Splitsider: ‘SNL’ Recap: Louis C.K. Saves New York

In this week’s SNL recap on Splitsider, I discuss how comedian Louis C.K.’s New Yorker instincts guided him in a show that is a product of its home city.


Despite reaching televisions across the country, SNL is at its heart a New York show. The Mayor Bloomberg bits, the subway jokes, and the references to the Dr. Zizmor ads resonate more with the studio audience in 8H than the millions of viewers watching at home, some of us on a three-hour delay in different time zones. Bill Hader’s Stefon character is largely inspired by the city’s seedy underground club scene, and the writers — many of them staples of New York’s stand-up and improv community — share an on-edge, claustrophobia-induced comedic language.

Louis C.K. speaks this language. As a comedian who honed his craft in New York clubs like Caroline’s and the Comedy Cellar, C.K., along with his show on FX, has been praised for his acute observations of city life. Hours before SNL went live last Saturday, he posted an email to his fans describing his feelings about hosting the show in the aftermath of Superstorm Sandy, and what it was like shooting exterior shots (probably for the amazing Lincoln short) in powerless Greenwich Village:

Its pretty impossible to describe walking through these city streets in total darkness. It can’t even be called a trip through time, because as long as new york has lived, its been lit. By electricity, gas lamps, candlelight, kerosene. But this was pitch black, street after street, corner round corner. And for me, the village being the very place that made me into a comedian and a man, to walk through the heart of it and feel like, in a way, it was dead. I can’t tell you how that felt. And you also had a palpable sense that inside each dark window was a family or a student or an artist or an old woman living alone, just being int he dark and waiting for the day to come back. Like we were all having one big sleep over, but not so much fun as that.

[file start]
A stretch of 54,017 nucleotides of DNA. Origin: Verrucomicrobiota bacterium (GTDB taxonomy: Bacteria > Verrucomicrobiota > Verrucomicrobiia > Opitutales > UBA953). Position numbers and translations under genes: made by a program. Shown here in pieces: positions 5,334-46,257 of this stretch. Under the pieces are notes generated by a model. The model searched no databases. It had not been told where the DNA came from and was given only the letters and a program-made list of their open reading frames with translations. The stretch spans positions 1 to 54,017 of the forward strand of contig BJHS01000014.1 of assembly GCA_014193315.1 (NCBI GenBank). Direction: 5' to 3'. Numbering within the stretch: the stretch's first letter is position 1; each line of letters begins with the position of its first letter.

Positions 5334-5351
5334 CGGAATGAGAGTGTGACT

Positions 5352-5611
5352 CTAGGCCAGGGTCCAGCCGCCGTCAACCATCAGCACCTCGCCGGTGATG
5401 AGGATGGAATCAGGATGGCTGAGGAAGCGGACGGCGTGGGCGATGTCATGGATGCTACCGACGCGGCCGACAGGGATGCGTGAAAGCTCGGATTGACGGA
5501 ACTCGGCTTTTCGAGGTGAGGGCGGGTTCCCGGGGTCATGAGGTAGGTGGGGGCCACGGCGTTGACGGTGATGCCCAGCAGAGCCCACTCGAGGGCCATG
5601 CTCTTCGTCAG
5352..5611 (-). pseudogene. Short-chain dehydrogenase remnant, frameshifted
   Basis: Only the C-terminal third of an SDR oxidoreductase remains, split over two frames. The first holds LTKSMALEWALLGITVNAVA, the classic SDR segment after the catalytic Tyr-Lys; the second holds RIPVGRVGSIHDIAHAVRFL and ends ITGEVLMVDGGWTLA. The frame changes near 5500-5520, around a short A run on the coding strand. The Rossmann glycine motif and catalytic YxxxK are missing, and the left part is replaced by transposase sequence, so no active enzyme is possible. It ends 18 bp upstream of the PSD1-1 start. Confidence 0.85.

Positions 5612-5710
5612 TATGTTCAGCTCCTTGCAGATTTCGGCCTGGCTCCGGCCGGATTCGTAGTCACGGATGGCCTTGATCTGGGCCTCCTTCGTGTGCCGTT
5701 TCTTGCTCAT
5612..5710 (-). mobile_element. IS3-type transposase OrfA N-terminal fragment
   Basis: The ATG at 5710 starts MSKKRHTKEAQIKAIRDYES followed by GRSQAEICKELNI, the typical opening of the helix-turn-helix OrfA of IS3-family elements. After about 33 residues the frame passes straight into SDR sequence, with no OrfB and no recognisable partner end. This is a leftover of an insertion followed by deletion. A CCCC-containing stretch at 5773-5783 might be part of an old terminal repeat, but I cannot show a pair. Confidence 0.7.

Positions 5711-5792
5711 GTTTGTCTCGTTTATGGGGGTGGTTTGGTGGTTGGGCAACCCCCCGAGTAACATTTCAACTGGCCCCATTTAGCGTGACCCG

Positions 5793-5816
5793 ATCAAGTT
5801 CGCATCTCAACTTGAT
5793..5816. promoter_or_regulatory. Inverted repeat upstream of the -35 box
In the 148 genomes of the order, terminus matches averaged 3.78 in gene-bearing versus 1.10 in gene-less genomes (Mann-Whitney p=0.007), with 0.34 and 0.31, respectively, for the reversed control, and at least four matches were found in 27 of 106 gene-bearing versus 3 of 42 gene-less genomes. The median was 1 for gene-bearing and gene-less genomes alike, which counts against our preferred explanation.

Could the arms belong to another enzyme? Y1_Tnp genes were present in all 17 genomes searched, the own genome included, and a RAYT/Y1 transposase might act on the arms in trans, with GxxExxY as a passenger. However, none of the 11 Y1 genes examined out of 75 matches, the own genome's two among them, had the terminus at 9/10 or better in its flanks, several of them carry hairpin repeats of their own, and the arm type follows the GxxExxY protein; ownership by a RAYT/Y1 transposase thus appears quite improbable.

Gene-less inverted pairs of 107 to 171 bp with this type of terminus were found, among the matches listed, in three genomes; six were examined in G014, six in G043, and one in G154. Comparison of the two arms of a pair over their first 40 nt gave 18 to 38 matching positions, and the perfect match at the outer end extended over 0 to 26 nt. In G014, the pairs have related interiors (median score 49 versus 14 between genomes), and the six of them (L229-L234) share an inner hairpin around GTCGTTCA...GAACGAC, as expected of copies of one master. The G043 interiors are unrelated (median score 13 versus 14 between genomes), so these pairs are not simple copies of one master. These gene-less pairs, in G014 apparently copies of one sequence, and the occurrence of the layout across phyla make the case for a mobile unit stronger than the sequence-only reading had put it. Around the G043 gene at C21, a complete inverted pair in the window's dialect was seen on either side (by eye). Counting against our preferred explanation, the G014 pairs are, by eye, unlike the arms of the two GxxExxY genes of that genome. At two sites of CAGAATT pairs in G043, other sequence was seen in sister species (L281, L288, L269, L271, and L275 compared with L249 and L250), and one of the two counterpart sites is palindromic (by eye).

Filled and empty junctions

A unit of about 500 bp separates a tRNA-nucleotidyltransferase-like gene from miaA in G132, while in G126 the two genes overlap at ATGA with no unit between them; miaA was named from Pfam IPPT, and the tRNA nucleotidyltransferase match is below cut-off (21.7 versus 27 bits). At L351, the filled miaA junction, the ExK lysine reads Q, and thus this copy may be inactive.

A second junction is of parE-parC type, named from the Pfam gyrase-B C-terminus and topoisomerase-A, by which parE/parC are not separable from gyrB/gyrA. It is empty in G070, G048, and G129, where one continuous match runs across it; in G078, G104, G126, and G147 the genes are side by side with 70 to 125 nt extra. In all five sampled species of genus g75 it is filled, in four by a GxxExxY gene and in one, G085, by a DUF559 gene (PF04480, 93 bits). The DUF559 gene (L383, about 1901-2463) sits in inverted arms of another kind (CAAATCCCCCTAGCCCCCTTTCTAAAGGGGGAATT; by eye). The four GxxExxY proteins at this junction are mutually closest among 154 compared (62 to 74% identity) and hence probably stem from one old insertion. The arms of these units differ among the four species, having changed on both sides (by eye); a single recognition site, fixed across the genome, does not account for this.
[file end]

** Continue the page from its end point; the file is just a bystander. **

This is how a lot of the city is still. I know people in queens, brooklyn, Staten Island, new jersey, all over, are not normal yet. And not normal is hard.

And here at 30 rock, these folks are working so hard this week. There are kids in the studio every day, because members of the crew and staff had to bring them to work. Many people are sharing lodging. Everyone is tired. But there’s this feeling here that we’ve got to put on a great show. I’m sure it feels like that here every week. But wow. I feel really lucky to be sharing this time with these particular good folks here at SNL.

This sense of urgency to provide comfort to a devastated New York echoed the first episode after 9/11, when Rudy Giuliani stood on the SNL stage with city relief workers, Lorne Michaels asked for permission to be funny again, and Giuliani famously quipped: “Why start now?” It’s nice to see New Yorkers come together in the wake of tragedy, and SNL was emblematic of that unity. Louis C.K.’s naturalistic, straight-man style may have put him at odds with a show fueled by big characters and punchy one-liners, but his deep connection with the city of New York made him right at home.

Read the full post on Splitsider.com.

About eavoss
Erik Voss is a writer, actor and improv comedian in Los Angeles. Please subscribe!

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